So where am I going with all this? Perhaps an erudite rehash of the material found in Mr. Snyder’s book?  (Except this blog post does it so well.) Perhaps a sensitive dissection of differing plot requirements based on genre? (I’d argue there are none. A good story is a good story, whether it’s contemporary or historical or fantasy. However you dress it up, your protagonist has to start somewhere, get beat on a little, and finish up in a better place. Otherwise it’s literary fiction. Right?)

Perhaps this post should be an analysis of my own experience using the beat sheet concept?

Sure. Let’s go with that.

It’s not difficult for me to understand the bullet points on a beat sheet. The names are a little goofy, but I know there needs to be an opening image, and early on someone needs to state the theme. The protagonist needs to be confronted by a challenge, and they need to spend time dithering before finally accepting it.

All that is just fine. The hard part for me is figuring out which moments in my plot fit the bullet points on the beat sheet. For example, differentiating the bullet points leading up to the final conflict can be tricky, though I find it helps to keep in mind whether the bullet point has to do with internal or external conflict. (All Is Lost refers to the external conflict, while the Dark Night of the Soul is internal, the emotional response to events. I think.)

I’m pretty good with language, with making sure the voice of a piece is fresh and fun. I’m getting better at making sure there’s goal, motivation, and conflict built into each scene. It’s hanging it all together in a coherent narrative that gives me trouble. I mean, my plots tell a story, but they don’t always have the emotional impact they could. And that’s where the beat sheet comes in.

Last week I received a contract offer for a novella I wrote (and here’s a huge shout-out to #TeamAwesome for helping me get those words on the page). The publisher loved the characters and the setting, but felt the project needed a stronger central conflict. Now, I wrote this story as a Christmas present to myself in the end of December 2012 – beginning of January 2013, and I love it hard. I’ve actually had a couple other publishers offer me contracts for it. So why did I turn those offers down and wait for one with surgery attached?

Perhaps because, on some level, I sensed there were weaknesses, and knew that the changes suggested by the previous publishers wouldn’t address them.

Either that or because I’m essentially a masochist.

Yesterday I sat down with the editor’s comments and a blank beat sheet and got to work. Figuring out what went where, and filling in the blanks between key scenes – either by recycling existing material or creating something new – was PAINFUL. But you know what? The end result is going to be a lot stronger.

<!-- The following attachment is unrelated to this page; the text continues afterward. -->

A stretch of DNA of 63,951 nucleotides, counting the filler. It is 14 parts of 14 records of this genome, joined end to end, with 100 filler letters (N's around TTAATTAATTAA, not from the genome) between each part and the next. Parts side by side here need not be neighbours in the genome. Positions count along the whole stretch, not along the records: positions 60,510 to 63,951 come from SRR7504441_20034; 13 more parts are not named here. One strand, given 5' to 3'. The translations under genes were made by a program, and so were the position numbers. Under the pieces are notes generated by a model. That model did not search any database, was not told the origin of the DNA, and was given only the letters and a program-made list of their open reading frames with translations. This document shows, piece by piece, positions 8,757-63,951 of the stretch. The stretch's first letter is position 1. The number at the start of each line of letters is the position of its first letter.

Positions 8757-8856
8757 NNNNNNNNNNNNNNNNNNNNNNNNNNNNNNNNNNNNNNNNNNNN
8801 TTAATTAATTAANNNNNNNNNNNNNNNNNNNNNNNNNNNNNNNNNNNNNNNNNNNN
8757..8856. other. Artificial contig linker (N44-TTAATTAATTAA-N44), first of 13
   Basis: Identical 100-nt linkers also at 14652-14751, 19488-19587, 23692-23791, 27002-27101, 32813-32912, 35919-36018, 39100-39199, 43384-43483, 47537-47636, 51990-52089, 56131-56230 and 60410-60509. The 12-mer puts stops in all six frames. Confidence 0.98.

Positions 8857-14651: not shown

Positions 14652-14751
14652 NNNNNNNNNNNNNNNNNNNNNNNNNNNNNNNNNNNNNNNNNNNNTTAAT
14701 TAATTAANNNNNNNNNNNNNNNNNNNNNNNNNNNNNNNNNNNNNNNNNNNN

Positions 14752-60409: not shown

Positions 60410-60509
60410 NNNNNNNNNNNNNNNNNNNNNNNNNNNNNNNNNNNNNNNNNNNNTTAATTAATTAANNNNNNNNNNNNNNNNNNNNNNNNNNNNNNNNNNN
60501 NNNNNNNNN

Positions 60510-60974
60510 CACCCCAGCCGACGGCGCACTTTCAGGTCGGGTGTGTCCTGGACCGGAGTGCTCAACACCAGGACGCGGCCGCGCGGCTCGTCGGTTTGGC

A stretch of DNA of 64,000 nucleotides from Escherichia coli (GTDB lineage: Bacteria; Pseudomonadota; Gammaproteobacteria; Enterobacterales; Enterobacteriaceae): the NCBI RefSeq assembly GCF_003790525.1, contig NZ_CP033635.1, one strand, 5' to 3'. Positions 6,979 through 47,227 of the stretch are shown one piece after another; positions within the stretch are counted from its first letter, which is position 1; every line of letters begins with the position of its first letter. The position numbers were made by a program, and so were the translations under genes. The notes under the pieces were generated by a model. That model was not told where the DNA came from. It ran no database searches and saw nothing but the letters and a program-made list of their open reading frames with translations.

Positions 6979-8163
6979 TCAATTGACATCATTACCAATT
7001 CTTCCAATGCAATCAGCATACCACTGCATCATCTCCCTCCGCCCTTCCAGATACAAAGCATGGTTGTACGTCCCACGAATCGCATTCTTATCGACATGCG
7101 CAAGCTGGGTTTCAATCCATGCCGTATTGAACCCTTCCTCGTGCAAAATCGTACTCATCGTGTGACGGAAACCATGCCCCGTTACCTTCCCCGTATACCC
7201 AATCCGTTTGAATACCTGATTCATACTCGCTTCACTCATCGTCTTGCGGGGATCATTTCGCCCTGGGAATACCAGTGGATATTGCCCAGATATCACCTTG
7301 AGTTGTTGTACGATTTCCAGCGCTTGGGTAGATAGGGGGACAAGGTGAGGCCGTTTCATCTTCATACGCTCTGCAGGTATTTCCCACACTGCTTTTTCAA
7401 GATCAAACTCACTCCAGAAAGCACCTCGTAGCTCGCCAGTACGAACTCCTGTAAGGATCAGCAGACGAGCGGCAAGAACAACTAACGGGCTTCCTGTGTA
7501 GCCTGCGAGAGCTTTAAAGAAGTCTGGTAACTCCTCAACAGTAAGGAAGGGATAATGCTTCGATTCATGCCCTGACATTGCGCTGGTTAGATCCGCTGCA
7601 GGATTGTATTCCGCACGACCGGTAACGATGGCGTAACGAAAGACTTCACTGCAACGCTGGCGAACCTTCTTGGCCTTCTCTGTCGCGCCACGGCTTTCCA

Now I just have to finish the re-write, though at least I know where I’m going.

What about you? Ever used a beat sheet? Or are you more into herding cats?

Peace,
Liv

 

 

Structure: Plot’s BFF

This blueprint of what La Belle would have loo...
This blueprint of what La Belle would have looked like was created in the 20th century, after excavation. (Photo credit: Wikipedia)

I was a born planner.

Every December, I would start planning my birthday party. I’d write out a birthday list, figure out who I would invite, tell my mum the entire deal, and then flounce back to my room to figure out the details.

My birthday? It’s in November.

Looking back at that, it’s a surprise that when I started writing novels, I did it by the seat of my pants. Maybe that’s what happens when an INFJ tries to balance the intuitive with the judger.

I wrote my first two and a half novels (well, two and two halves) without any idea of what would come next aside from a vague sort of picture and once a brief outline. None of them worked. I couldn’t figure out why it took my beta readers months and months and death threats to return any feedback to me.

Nothing really motivated them enough to read my work. I couldn’t fathom why. I thought it was good. Maybe not perfect, but good.

Then about a year ago, I heard of something called “structure.”

Smoke
Smoke (Photo credit: AMagill)

For a while, this idea of structure eluded me like trying to catch smoke in a net. All the while, I felt like a really crappy Indiana Jones searching for relics on a waitress’s budget with no passport.

Which was sort of true. Except I have a passport.

It wasn’t until I read Story Engineering by Larry Brooks that something massive clicked in my head, like the giant boulder finding the perfect niche.

My first books didn’t work because they completely lacked structure. Every book, play, and screenplay follows a certain amount of rules. It’s what keeps tension going. It’s what moves the story along. At its core, it is the instinctual resonance of a narrative arc that goes back to the days where we all sat around in caves picking our teeth with splintered femurs while a clan storyteller regaled us with legends and myths and feuds about cows.